A recent report by the ABC has stated that there are around 40,000km of asbestos cement pipes across Australia needing to be replaced. This has sparked consumer concern over the safety of the water.

The Water Services Association of Australia (WSAA) has published a fact sheet on the issue which states the effects of asbestos in the water supply have been studied extensively and results show there is no elevated risk of asbestos‐related diseases due to the pipes.

WSAA said that asbestos cement pipes are present in water networks throughout Australia and the world, and the urban water industry ensures that asbestos cement pipes pose no health risk to the water supply.

WSAA notes that these findings are consistent across the World Health Organisation, the National Health and Medical Research Council Australian Drinking Water Guidelines and Department of Health.

WSAA said the risks associated with asbestos relate to airborne fibres. Fibres from pipes can become airborne when a pipe is undergoing works, decommissioning or is damaged.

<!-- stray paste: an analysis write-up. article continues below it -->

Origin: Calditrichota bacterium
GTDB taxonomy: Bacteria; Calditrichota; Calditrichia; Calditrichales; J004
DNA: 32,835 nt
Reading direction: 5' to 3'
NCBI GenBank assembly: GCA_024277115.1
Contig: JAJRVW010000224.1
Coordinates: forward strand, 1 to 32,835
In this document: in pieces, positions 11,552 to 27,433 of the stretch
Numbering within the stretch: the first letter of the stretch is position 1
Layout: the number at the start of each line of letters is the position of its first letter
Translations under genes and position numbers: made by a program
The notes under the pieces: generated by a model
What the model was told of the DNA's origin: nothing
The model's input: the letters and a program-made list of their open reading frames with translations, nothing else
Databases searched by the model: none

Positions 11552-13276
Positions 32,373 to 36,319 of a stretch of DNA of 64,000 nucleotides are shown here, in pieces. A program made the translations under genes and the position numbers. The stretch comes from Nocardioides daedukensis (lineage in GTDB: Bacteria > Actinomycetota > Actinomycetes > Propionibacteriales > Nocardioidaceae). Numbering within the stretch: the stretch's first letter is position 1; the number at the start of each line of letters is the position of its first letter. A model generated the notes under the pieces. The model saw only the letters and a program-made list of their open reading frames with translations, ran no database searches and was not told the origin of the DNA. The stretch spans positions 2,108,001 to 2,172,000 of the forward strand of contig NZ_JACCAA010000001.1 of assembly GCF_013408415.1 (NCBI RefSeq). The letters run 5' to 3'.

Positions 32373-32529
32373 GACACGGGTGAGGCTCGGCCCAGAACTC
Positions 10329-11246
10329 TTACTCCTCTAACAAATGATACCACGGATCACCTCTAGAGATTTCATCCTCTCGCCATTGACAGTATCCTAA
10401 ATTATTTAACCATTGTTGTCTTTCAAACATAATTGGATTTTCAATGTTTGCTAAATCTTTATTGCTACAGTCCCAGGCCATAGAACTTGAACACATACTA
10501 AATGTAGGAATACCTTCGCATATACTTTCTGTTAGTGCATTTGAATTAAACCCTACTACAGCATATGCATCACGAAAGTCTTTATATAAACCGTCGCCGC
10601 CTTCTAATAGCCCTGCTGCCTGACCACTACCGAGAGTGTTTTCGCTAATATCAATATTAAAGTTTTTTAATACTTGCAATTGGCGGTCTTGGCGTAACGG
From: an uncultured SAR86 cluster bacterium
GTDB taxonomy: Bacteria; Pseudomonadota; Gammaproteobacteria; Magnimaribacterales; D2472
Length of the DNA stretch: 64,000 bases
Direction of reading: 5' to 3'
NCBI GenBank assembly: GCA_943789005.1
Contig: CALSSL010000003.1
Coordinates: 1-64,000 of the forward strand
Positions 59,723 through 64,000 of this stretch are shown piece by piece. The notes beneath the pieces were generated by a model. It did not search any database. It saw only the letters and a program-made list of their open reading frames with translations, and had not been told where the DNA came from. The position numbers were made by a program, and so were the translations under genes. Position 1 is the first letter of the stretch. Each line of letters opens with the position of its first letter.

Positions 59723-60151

However, all relevant regulations are adhered to when handling asbestos cement pipes under these circumstances, and these regulations are in accordance with state legislation and national Codes of Practice and Guidance for the management of asbestos in the occupational environment.

Jessica Dickers is an experienced journalist, editor and content creator who is currently the Editor of Utility’s sister publication, Infrastructure. With a strong writing background, Jessica has experience in journalism, editing, print production, content marketing, event program creation, PR and editorial management. Her favourite part of her role as editor is collaborating with the sector to put together the best industry-leading content for the audience.

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